Evaluation of bacterial wilt resistance sources for presence of major resistance QTLs Bwr-12 and Bwr-6, and as potential sources of new resistance QTLs
Bacterial wilt (BW) (caused by three Ralstonia species) is one of the most destructive tomato diseases in the tropics and subtropics. If available, resistant cultivars would be the easiest means to manage the disease although few such cultivars are available. Resistance sources, notably those from Hawaii, the Philippines, and North Carolina, have been identified and exploited. However, expression of resistance is strongly influenced by environmental conditions such as soil temperature, pH, and moisture, and is linked to undesirable horticultural traits such as small fruit size and cracking. Two major genomic regions conditioning BW resistance have been identified: Bwr-12 and Bwr-6, associated with resistance to phylotype I (Asia phylotype, now classified as R. pseudosolanacearum), and phylotype II (America phylotype remains as R. solanacearum) isolates, respectively. Considering the vast diversity of this pathogen, there is great need to identify and exploit additional BW resistance sources. A set of BW resistance sources collected over the years by WorldVeg Tomato breeding was characterized for presence of Bwr-12 and Bwr-6, and screened in a WorldVeg greenhouse by drench inoculation for reaction to one isolate each of R. pseudosolanacearum (Pss4) and R. solanacearum (Pss1632) in 2017 and 2018. Based on the percent of healthy plants four weeks after inoculation, tomato entries H7996 and other entries homozygous for Bwr-12 and all or parts of Bwr-6 showed relatively high resistance levels. A few entries that were heterogeneous for or lacking Bwr-12 and/or Bwr-6 were identified that might harbor new BW resistance.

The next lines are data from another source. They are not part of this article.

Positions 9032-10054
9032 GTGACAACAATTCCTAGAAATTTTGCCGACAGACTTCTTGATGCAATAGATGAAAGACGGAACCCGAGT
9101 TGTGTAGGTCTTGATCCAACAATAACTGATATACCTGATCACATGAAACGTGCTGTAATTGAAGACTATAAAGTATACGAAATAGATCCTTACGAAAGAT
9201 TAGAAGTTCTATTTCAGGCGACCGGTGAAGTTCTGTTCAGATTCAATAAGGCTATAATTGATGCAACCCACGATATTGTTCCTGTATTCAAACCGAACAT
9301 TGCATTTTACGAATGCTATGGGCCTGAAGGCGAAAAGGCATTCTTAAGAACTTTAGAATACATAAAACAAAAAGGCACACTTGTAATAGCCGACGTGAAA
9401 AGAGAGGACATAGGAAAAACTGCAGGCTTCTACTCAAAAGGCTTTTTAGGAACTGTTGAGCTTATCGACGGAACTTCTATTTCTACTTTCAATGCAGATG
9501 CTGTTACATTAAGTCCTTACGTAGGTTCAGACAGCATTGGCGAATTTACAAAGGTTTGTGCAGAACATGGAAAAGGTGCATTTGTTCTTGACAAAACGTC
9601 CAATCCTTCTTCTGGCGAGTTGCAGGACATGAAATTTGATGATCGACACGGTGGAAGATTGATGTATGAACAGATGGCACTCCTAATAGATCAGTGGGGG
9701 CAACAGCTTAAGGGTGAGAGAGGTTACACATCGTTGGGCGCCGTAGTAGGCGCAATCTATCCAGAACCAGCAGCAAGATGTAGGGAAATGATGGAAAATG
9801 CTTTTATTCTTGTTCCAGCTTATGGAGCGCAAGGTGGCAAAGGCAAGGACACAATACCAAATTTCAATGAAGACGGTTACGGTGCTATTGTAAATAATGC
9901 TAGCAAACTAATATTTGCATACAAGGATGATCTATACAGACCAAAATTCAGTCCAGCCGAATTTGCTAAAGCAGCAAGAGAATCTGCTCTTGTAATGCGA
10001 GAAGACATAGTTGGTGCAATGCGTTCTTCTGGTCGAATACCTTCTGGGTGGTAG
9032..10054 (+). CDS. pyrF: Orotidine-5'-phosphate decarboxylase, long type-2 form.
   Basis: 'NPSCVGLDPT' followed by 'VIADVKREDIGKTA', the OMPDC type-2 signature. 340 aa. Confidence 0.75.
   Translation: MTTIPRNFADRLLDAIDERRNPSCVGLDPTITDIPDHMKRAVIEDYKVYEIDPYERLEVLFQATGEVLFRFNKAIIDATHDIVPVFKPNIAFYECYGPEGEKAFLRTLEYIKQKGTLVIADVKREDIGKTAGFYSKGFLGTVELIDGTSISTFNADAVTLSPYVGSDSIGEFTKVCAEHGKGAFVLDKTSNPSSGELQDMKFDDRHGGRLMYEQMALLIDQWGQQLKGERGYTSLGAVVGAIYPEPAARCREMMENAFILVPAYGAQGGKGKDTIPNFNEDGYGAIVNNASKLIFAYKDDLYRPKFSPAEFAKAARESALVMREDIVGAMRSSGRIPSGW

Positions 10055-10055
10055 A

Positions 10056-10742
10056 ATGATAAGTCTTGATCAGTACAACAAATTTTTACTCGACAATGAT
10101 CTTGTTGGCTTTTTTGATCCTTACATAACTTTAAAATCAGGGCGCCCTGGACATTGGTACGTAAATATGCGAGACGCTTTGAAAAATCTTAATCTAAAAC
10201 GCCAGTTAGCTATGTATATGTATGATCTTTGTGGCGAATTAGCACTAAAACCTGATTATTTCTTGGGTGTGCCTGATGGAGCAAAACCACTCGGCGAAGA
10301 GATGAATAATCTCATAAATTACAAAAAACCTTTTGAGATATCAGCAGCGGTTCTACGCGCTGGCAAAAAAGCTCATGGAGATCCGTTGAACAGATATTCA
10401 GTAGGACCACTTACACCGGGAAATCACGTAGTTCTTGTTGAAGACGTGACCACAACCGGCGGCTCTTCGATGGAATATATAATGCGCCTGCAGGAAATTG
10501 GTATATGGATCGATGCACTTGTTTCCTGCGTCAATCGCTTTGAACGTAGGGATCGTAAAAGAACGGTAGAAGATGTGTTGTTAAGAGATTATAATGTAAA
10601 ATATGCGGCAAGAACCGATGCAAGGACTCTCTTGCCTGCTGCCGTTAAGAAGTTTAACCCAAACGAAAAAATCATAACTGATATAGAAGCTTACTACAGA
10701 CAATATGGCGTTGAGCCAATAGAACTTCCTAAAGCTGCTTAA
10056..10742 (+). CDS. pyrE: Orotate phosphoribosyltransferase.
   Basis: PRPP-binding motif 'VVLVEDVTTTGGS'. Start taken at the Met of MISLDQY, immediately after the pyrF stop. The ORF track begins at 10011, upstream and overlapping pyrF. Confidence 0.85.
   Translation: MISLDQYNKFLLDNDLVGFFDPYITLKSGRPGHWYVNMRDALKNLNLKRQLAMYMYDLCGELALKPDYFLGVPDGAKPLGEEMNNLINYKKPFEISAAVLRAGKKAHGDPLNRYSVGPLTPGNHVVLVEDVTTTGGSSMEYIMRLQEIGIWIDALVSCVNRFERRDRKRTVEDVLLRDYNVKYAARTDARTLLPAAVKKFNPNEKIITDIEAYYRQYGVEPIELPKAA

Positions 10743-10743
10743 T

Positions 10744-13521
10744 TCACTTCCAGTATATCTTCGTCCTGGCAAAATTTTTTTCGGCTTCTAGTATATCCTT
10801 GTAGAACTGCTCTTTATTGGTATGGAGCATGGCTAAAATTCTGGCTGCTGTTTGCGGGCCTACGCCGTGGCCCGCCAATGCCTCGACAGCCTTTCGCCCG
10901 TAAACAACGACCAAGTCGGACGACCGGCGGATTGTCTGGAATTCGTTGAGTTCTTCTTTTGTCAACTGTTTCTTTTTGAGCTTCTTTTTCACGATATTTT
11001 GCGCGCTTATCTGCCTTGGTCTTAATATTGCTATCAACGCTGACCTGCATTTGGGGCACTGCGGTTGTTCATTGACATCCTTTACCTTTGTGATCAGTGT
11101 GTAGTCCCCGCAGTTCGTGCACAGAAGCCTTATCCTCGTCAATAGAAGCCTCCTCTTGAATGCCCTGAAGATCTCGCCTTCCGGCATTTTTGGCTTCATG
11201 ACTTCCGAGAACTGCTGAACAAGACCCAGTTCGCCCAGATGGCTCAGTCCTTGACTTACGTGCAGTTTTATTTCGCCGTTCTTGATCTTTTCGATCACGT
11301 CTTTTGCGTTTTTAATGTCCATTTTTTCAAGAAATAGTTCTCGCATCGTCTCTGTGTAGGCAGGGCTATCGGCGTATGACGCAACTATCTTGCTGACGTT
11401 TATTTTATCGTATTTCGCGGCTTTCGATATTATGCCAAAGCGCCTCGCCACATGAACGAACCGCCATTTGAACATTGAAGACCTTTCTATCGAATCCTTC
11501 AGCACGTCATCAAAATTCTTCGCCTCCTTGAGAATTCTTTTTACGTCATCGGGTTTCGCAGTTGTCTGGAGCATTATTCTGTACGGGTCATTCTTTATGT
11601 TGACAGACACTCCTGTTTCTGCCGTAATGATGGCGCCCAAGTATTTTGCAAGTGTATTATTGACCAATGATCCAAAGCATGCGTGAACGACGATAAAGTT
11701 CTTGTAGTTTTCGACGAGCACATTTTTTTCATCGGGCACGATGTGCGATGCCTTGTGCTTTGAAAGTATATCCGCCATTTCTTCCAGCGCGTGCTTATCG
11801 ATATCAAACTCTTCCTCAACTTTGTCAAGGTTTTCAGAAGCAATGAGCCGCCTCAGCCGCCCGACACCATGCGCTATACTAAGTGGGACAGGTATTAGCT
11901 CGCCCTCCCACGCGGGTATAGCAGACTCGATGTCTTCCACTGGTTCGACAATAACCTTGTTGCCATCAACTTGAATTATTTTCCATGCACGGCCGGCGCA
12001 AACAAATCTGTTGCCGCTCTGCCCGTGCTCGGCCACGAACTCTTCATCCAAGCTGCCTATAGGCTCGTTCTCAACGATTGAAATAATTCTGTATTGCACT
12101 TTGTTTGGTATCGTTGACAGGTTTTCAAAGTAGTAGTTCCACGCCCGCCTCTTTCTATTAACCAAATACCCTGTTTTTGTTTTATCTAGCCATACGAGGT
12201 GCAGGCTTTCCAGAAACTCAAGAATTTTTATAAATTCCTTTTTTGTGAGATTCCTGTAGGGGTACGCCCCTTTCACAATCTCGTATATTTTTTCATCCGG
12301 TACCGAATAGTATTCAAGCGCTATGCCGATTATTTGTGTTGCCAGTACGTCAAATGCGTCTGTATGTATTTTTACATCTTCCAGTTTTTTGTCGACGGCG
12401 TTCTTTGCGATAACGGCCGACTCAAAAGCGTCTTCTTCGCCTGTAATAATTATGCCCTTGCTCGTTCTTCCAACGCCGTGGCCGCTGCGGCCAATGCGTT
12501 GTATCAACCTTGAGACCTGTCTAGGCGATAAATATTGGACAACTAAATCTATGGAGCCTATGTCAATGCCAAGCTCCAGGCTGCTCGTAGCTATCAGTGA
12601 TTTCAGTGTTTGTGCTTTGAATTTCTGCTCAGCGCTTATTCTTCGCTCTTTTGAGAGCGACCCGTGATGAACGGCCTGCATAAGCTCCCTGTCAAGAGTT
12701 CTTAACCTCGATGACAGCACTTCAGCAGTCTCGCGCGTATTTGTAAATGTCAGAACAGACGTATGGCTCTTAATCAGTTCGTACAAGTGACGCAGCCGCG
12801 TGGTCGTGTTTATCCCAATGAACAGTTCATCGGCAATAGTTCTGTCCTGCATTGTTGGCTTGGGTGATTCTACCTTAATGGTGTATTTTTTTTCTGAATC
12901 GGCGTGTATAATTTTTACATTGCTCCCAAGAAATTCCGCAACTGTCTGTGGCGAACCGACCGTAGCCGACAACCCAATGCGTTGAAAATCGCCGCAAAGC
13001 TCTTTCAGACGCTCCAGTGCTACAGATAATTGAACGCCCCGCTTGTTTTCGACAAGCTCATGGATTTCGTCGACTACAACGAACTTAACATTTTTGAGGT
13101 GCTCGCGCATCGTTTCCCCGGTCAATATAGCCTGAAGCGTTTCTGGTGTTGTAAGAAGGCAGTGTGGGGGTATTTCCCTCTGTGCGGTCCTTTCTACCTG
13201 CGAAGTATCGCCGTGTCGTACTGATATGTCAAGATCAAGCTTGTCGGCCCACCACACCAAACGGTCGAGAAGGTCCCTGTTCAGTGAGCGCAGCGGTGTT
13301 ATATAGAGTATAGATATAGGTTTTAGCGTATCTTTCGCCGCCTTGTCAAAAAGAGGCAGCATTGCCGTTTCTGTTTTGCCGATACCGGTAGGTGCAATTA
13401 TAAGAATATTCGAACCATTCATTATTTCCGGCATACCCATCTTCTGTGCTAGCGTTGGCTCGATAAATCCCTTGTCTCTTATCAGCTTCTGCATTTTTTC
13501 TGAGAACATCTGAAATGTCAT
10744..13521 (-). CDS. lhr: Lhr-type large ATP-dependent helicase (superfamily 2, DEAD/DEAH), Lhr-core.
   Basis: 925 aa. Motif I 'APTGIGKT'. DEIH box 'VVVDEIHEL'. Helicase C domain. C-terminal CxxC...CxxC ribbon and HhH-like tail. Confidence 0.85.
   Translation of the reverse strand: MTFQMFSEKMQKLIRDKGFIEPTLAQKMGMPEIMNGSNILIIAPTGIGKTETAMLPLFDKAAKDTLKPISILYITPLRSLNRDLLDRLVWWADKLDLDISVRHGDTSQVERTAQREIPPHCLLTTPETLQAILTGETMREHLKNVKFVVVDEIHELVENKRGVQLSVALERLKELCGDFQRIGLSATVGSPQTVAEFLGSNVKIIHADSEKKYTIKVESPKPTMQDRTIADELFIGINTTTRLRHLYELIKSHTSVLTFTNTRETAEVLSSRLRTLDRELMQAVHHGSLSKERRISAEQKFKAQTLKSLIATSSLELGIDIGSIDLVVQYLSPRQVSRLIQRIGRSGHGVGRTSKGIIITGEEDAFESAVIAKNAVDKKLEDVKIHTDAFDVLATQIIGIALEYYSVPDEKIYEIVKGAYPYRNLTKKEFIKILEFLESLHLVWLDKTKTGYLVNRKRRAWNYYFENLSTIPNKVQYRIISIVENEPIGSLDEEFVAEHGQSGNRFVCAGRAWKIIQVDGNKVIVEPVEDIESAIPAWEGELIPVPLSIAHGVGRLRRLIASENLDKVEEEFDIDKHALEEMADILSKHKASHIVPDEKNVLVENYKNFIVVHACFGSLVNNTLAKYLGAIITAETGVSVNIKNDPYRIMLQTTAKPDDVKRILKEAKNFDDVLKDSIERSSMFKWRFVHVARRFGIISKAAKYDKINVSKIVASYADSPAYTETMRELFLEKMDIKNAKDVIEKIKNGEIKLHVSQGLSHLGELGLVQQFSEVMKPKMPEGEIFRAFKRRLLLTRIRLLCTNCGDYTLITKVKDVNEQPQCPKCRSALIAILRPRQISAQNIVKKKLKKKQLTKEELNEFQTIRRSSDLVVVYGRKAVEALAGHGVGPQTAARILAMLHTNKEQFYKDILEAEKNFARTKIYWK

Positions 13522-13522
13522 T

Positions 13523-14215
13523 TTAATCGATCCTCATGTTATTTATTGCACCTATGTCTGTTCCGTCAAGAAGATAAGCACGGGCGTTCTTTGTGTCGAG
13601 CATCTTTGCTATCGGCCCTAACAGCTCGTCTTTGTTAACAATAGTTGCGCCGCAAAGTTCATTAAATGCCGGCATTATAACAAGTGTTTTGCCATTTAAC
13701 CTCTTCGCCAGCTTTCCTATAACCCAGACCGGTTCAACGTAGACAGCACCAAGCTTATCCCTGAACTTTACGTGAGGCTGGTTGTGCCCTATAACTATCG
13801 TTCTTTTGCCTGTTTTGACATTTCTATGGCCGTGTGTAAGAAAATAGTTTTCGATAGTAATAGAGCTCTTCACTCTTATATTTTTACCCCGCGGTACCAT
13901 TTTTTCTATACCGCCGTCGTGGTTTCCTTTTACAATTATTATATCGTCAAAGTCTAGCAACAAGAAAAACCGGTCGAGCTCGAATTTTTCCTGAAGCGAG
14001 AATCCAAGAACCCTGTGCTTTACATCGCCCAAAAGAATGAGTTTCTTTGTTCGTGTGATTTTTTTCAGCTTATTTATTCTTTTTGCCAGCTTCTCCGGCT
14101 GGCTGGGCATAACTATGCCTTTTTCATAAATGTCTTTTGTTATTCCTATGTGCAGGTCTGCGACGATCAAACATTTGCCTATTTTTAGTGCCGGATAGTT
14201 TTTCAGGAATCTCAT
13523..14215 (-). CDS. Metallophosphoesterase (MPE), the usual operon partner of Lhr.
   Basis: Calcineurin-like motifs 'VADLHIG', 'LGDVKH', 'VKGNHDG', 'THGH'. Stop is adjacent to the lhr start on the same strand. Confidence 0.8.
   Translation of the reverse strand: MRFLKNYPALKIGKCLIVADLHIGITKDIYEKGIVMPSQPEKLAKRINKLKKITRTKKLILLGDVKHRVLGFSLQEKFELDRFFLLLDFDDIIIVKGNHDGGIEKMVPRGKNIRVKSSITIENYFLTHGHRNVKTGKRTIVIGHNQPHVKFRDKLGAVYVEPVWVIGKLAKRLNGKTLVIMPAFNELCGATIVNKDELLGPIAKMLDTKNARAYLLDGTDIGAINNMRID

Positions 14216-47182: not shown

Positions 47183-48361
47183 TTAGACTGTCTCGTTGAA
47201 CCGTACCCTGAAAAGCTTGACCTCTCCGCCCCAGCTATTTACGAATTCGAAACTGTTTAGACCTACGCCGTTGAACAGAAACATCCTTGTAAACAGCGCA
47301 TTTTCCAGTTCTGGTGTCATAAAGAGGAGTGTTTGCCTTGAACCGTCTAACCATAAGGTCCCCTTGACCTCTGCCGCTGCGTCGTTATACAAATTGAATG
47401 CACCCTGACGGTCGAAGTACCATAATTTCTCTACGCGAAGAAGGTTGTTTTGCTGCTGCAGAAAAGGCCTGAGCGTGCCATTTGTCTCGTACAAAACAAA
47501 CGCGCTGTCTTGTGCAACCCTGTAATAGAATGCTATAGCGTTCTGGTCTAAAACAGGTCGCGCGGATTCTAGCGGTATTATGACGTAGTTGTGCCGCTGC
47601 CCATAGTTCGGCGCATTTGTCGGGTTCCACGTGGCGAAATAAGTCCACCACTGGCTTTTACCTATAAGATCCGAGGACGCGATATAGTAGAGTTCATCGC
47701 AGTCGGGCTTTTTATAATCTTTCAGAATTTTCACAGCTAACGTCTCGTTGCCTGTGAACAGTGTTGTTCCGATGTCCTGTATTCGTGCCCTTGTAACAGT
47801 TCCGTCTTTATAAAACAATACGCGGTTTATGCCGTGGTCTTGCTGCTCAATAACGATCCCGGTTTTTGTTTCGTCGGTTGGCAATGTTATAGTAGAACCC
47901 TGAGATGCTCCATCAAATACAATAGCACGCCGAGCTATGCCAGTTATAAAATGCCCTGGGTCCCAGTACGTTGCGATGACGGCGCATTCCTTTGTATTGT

Kunwar, S., Hsu, Y.C., Lu, S.F. and Hanson, P. (2021). Evaluation of bacterial wilt resistance sources for presence of major resistance QTLs Bwr-12 and Bwr-6, and as potential sources of new resistance QTLs. Acta Hortic. 1316, 43-48
Ralstonia solanacearum species complex, Solanum lycopersicum